As David Kramer also reminded us in the documentary (and live as part of the too small audience), Afrikaans was appropriated by the white elite while the origins of the language lay within the brown communities. And again, that was the problem for those who had the power to decide what would be played at the SABC.
Either way, the thing that should in this new millennium be the motivator, is the riches that the different communities bring to the language. We are a country that should be embracing all our artists because our diversity adds to the richness that will then emerge on our stages, in our literature, in our music and on our canvasses or in our sculptures.
We have tried separating and proved that it doesn’t bring solace to any particular group. It is our diversity that brings strength as this documentary shows so magnificently! And even the recent Klein Karoo Nasionale Kunstefees again showed how the diversity on the stages added to the stories and songs that enveloped and enchanted audiences.
And that is what Die Ongetemde Stem celebrates.
It will be shown at a South African, Australian, New Zealand film festival in May in Melbourne but also online at:
What joy to attend the first of the arts festivals with the re-opening of the annual Klein Karoo Nasionale Kunstefees (KKNK) on 29 March 2022. The programme was fantastic in spite of short notice with the pandemic holding everyone to ransom and artists and audiences alike seemed to trip the light fantastic in what felt like new-found freedom. DIANE DE BEER reviews her best of the best ̶ because of course, there was more…
PICTURES: HANS VAN DER VEEN
It was when watching the magnificent Karatara that I truly realised the impact of the past couple of years without live theatre.
Personally, live theatre is where the emotional impact of a performance can truly take me to another place – and that’s magical. Karatara is one of those, a production of the KKNK.
It is all about the feeling and the way the story about the catastrophic fire in Knysna in 2018 is told. In this instance, artist Wilken Calitz came up with the concept and handed that to actor/director Gideon Lombard. They have a strong working relationship, and it shows.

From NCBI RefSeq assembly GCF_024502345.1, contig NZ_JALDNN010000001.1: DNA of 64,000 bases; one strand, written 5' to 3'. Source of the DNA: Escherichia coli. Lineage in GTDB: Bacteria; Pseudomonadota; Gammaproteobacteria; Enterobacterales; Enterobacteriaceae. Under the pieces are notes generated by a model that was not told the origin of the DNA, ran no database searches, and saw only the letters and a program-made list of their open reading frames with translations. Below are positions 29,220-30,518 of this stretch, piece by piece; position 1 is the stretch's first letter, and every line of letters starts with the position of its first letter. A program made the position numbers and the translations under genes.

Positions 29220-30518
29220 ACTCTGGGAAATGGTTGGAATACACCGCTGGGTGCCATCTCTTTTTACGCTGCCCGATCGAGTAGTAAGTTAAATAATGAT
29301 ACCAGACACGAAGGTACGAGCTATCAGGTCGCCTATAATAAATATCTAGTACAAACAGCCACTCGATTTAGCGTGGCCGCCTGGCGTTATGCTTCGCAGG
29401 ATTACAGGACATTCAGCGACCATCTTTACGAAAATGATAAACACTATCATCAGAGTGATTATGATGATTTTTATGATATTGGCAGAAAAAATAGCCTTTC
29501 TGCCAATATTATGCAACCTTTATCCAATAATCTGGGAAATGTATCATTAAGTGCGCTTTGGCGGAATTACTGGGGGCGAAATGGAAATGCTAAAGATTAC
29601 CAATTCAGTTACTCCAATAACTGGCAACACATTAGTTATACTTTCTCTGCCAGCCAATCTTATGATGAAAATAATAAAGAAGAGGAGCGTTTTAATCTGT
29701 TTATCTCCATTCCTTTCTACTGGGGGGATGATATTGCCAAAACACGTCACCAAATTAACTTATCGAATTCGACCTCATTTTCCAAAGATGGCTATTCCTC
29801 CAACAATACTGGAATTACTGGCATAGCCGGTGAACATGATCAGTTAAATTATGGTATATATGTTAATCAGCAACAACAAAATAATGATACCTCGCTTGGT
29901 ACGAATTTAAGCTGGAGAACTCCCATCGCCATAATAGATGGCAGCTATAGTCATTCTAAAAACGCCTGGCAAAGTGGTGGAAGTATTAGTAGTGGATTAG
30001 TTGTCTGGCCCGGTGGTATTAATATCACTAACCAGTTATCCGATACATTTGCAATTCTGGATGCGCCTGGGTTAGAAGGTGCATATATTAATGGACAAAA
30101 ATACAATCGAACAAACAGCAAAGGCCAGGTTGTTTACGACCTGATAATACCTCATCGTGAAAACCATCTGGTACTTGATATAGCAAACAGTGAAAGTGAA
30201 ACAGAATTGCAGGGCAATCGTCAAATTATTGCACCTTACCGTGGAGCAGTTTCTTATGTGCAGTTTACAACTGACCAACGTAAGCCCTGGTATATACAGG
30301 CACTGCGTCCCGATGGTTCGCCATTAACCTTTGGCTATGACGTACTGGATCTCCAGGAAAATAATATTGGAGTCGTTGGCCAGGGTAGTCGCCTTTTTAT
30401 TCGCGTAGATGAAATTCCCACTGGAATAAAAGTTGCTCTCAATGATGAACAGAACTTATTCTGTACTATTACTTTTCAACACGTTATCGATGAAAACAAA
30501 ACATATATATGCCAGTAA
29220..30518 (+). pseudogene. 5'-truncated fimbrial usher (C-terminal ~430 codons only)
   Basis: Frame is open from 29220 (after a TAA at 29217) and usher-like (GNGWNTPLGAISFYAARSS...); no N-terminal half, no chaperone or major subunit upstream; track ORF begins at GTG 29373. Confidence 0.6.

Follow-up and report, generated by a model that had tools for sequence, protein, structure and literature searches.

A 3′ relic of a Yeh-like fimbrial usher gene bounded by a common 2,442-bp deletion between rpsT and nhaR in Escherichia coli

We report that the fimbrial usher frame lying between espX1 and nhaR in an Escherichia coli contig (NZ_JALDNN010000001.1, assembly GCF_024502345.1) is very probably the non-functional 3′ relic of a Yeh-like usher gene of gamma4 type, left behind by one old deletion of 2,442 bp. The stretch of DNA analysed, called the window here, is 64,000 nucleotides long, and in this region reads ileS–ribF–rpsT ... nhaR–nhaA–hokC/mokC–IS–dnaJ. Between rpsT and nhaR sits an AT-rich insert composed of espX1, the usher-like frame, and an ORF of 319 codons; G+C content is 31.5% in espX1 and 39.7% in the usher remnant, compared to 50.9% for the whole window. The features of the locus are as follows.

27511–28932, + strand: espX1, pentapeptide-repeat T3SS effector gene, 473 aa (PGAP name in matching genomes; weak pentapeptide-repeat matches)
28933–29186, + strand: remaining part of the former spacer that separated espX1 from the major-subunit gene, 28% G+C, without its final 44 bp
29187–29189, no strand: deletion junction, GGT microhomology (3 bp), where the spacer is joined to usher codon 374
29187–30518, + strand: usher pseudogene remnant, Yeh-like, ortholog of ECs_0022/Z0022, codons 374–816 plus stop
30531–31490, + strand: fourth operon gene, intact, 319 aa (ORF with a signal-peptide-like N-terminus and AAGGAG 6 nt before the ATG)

It’s the choice of performers (dancers Shaun Oelf and Grant Van Ster and actor Dean Balie, all who show their versatility brilliantly), the soundscape put together by Lombard that envelops and tosses you this way and that, and the combination of the powerful choreography, text and lighting.
The devastation of a fire that completely destroyed communities had huge impact at the time – and then disappeared like lightning from the consciousness. Not only does the piece play critically with the way the powerful manipulate the limitations of the powerless, but it also reaches back into the past to tell a very particular tale about the grotesque greed that determined and devastated the lives of others, and which still has consequences today – as was so damagingly laid bare by this particular catastrophe.
As we have come to expect, director Marthinus Basson produced two very different plays, both with extraordinary theatrical reach. Terminaal 3 would have played at the cancelled 2020 KKNK and was revived with Basson introducing us to the Swedish playwright Lars Noren.
It’s the originality of the piece that delivers the knockout blow. It takes a while to get to the crux of what is happening in this particular waiting room with two couples, one young (Carla Smith and Edwin van der Walt) and waiting to deliver their first baby, the other older (Anna-Mart van der Merwe and Stian Bam) waiting to confirm that it’s their son who has died.
The couples don’t interact, but their stories hauntingly reflect and bounce off one another. The puzzle is revealed as the four individuals all seem to be fighting for their particular lives – not in unison but uniquely alone.
Again it is the way the story is told and played with remarkable aplomb, the discomfort of the viewer as specific dilemmas are discussed and discarded, and the almost clinical way in which life and death are juggled. It’s the way we think we can plan our lives, the curve balls that have to be manoeuvred and manipulated, and in particular how both writer and director scramble our thought processes.
And then there’s the homage to Pieter Fourie, a founding member of the KKNK with Ek, Anna van Wyk. This is Basson’s second time round with this play and as someone who celebrates the courage that Fourie displayed with his writing, which first appeared in the darkest days of apartheid, he also acknowledges the durability of the work, which is as relevant today as it was then.
A fearless Tinarie van Wyk Loots plays the title character surrounded by a fantastic cast starting with Carlo Daniels, Dawid Minnaar, Geon Nel, Wilhelm van der Walt, Gideon Lombard, René Cloete and Albert Pretorius as the interrogator.
Patriarchy is being explored and exposed, something that hasn’t shifted all that much since the play was written – and not because many of us haven’t tried. In this instance, Anna has no choice – and we can point to many examples in our daily lives that show similar patterns.
It happens to be the horror of the Afrikaner male in this instance, but we all know this is a universal issue and many of the ills in today’s world are the result of those previously all-powerful men refusing to let go – and whom the world enables … still.
The emotional breadth of Tinarie van Wyk Loots.
It’s a magnificent production from the Basson vision, the performances led by a heart-wrenching display by Van Wyk Loots and valiantly supported by the rest of the cast. I could watch it on a loop … over and over again.